Tupper's self-referential formula

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Tupper's self-referential formula is a formula that visually represents itself when graphed at a specific location in the (x, y) plane.

History[edit]

The formula was defined by Jeff Tupper and appears as an example in Tupper's 2001 SIGGRAPH paper on reliable two-dimensional computer graphing algorithms.[1] This paper discusses methods related to the GrafEq formula-graphing program developed by Tupper.[2]

Although the formula is called "self-referential", Tupper did not name it as such.[3]

Formula[edit]

The formula is an inequality defined as:

or, in plaintext:

1/2 < floor(mod(floor(y/17)*2^(-17*floor(x)-mod(floor(y),17)),2))

where denotes the floor function, and mod is the modulo operation.

Plots[edit]

Let equal the following 543-digit integer:

960939379918958884971672962127852754715004339660129306651505519271702802395266424689642842174350718121267153782770623355993237280874144307891325963941337723487857735749823926629715517173716995165232890538221612403238855866184013235585136048828693337902491454229288667081096184496091705183454067827731551705405381627380967602565625016981482083418783163849115590225610003652351370343874461848378737238198224849863465033159410054974700593138339226497249461751545728366702369745461014655997933798537483143786841806593422227898388722980000748404719
Derivation of k

Graphing the set of points in and , results in the following plot:[note 1]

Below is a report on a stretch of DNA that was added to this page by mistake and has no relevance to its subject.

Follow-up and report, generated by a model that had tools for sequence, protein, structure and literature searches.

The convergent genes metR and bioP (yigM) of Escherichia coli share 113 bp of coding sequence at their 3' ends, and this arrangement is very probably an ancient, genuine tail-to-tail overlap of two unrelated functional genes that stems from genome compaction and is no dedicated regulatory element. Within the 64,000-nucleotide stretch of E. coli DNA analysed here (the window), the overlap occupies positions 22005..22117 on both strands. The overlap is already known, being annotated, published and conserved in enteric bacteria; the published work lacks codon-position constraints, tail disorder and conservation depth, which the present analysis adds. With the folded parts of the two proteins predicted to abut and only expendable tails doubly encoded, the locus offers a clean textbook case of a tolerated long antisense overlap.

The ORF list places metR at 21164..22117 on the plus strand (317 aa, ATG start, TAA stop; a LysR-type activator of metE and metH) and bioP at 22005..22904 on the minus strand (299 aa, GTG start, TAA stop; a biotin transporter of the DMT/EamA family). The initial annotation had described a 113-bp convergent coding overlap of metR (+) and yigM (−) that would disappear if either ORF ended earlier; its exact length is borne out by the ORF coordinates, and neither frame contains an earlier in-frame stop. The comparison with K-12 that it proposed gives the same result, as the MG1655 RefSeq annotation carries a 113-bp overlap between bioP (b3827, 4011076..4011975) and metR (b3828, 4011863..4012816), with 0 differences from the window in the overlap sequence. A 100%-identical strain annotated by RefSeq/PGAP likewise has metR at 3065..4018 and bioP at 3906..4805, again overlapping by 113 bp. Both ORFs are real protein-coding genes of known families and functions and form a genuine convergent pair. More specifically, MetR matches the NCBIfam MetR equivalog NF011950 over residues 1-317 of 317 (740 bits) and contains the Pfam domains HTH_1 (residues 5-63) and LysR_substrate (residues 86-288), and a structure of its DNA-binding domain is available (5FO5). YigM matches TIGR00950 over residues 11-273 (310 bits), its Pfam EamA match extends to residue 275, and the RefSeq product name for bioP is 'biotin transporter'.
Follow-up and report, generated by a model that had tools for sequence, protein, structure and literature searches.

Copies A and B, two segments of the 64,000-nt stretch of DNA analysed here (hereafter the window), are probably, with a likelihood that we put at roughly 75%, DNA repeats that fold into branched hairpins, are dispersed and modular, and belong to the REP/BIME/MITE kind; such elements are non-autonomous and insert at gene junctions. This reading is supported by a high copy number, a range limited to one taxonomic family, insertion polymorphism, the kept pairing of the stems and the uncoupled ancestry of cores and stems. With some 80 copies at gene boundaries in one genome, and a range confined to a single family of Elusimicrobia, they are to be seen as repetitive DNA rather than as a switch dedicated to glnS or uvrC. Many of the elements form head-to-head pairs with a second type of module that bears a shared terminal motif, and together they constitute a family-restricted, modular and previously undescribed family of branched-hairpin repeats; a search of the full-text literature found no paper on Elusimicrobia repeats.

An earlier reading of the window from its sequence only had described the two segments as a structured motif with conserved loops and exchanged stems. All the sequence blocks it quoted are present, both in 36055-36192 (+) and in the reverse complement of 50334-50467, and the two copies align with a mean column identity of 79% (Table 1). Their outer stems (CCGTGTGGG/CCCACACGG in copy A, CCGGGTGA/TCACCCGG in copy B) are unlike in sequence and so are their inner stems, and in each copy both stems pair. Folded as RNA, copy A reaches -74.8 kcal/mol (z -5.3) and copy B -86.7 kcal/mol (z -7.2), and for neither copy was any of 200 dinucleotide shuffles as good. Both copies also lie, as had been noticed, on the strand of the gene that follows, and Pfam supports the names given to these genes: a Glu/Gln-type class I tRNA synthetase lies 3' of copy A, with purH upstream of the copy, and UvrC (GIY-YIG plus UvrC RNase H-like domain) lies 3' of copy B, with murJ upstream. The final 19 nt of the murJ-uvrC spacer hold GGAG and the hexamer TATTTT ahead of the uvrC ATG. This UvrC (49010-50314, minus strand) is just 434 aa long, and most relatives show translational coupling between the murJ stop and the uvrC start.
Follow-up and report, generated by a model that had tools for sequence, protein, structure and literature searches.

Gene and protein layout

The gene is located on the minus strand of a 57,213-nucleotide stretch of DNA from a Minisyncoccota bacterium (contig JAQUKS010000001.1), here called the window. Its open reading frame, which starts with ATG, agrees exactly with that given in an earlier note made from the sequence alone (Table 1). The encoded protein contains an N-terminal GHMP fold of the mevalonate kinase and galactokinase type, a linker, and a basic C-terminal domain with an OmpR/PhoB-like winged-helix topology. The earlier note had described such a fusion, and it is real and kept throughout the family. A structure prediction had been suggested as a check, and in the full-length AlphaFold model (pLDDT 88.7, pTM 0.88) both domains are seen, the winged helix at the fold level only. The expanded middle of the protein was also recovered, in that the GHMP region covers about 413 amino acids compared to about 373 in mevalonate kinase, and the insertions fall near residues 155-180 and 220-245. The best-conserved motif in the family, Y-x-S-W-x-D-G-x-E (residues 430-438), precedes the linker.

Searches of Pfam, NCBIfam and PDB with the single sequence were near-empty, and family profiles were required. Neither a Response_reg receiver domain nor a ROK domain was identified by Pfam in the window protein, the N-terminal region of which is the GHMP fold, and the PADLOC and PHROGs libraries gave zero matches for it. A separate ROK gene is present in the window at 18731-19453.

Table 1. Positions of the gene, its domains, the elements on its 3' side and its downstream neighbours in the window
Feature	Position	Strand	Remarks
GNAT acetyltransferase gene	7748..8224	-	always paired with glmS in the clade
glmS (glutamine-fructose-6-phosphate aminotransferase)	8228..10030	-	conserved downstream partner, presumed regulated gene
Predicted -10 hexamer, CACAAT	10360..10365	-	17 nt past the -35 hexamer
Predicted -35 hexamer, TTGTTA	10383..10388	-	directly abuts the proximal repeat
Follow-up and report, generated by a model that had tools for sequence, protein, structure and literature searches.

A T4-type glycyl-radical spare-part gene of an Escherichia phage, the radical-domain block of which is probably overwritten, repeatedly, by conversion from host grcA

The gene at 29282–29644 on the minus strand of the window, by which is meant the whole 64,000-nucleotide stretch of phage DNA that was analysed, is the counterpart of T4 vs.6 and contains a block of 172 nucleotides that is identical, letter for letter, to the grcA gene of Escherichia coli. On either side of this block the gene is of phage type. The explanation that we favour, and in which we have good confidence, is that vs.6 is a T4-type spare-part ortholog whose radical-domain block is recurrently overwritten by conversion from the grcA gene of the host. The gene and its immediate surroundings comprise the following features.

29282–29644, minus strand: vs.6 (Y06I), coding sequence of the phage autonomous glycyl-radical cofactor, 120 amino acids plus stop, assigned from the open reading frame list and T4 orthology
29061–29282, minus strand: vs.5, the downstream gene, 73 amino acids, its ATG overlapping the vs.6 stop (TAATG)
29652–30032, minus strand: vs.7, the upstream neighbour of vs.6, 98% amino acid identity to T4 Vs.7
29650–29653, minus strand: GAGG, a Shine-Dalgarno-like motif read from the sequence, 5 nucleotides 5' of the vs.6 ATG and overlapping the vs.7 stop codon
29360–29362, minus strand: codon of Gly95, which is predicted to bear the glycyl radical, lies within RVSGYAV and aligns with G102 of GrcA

Tupper's self referential formula plot.svg

The formula is a general-purpose method of decoding a bitmap stored in the constant , and it could actually be used to draw any other image. When applied to the unbounded positive range , the formula tiles a vertical swath of the plane with a pattern that contains all possible 17-pixel-tall bitmaps. One horizontal slice of that infinite bitmap depicts the drawing formula itself, but this is not remarkable, since other slices depict all other possible formulae that might fit in a 17-pixel-tall bitmap. Tupper has created extended versions of his original formula that rule out all but one slice.[4]

The constant is a simple monochrome bitmap image of the formula treated as a binary number and multiplied by 17. If is divided by 17, the least significant bit encodes the upper-right corner ; the 17 least significant bits encode the rightmost column of pixels; the next 17 least significant bits encode the 2nd-rightmost column, and so on.

It fundamentally describes a way to plot points on a two-dimensional surface. The value of is the binary number that forms the plot in base 10. The following plot demonstrates the addition of different values of . In the fourth subplot the k-value of "AFGP" and "Aesthetic Function Graph" are added to get the resultant graph, where both the texts can be seen with some distortion, due to the effects of binary addition. The information regarding the shape of the plot is stored within .[5]

Addition of different values of k

See also[edit]

References[edit]

Footnotes[edit]

  1. ^ The axes in this plot have been reversed, otherwise the picture would be upside-down and mirrored.

Notes[edit]

  1. ^ * Tupper, Jeff. "Reliable Two-Dimensional Graphing Methods for Mathematical Formulae with Two Free Variables" Archived 2019-07-13 at the Wayback Machine
  2. ^ "Pedagoguery Software: GrafEq". www.peda.com. Archived from the original on 2021-02-24. Retrieved 2007-09-09.
  3. ^ Narayanan, Arvind. "Tupper's Self-Referential Formula Debunked". Archived from the original on 24 April 2015. Retrieved 20 February 2015.
  4. ^ "Selfplot directory". Pedagoguery Software. Retrieved 2022-01-15.
  5. ^ "Tupper's-Function". Github. Aesthetic Function Graphposting. 2019-06-13. Retrieved 2019-07-07.

Sources[edit]

External links[edit]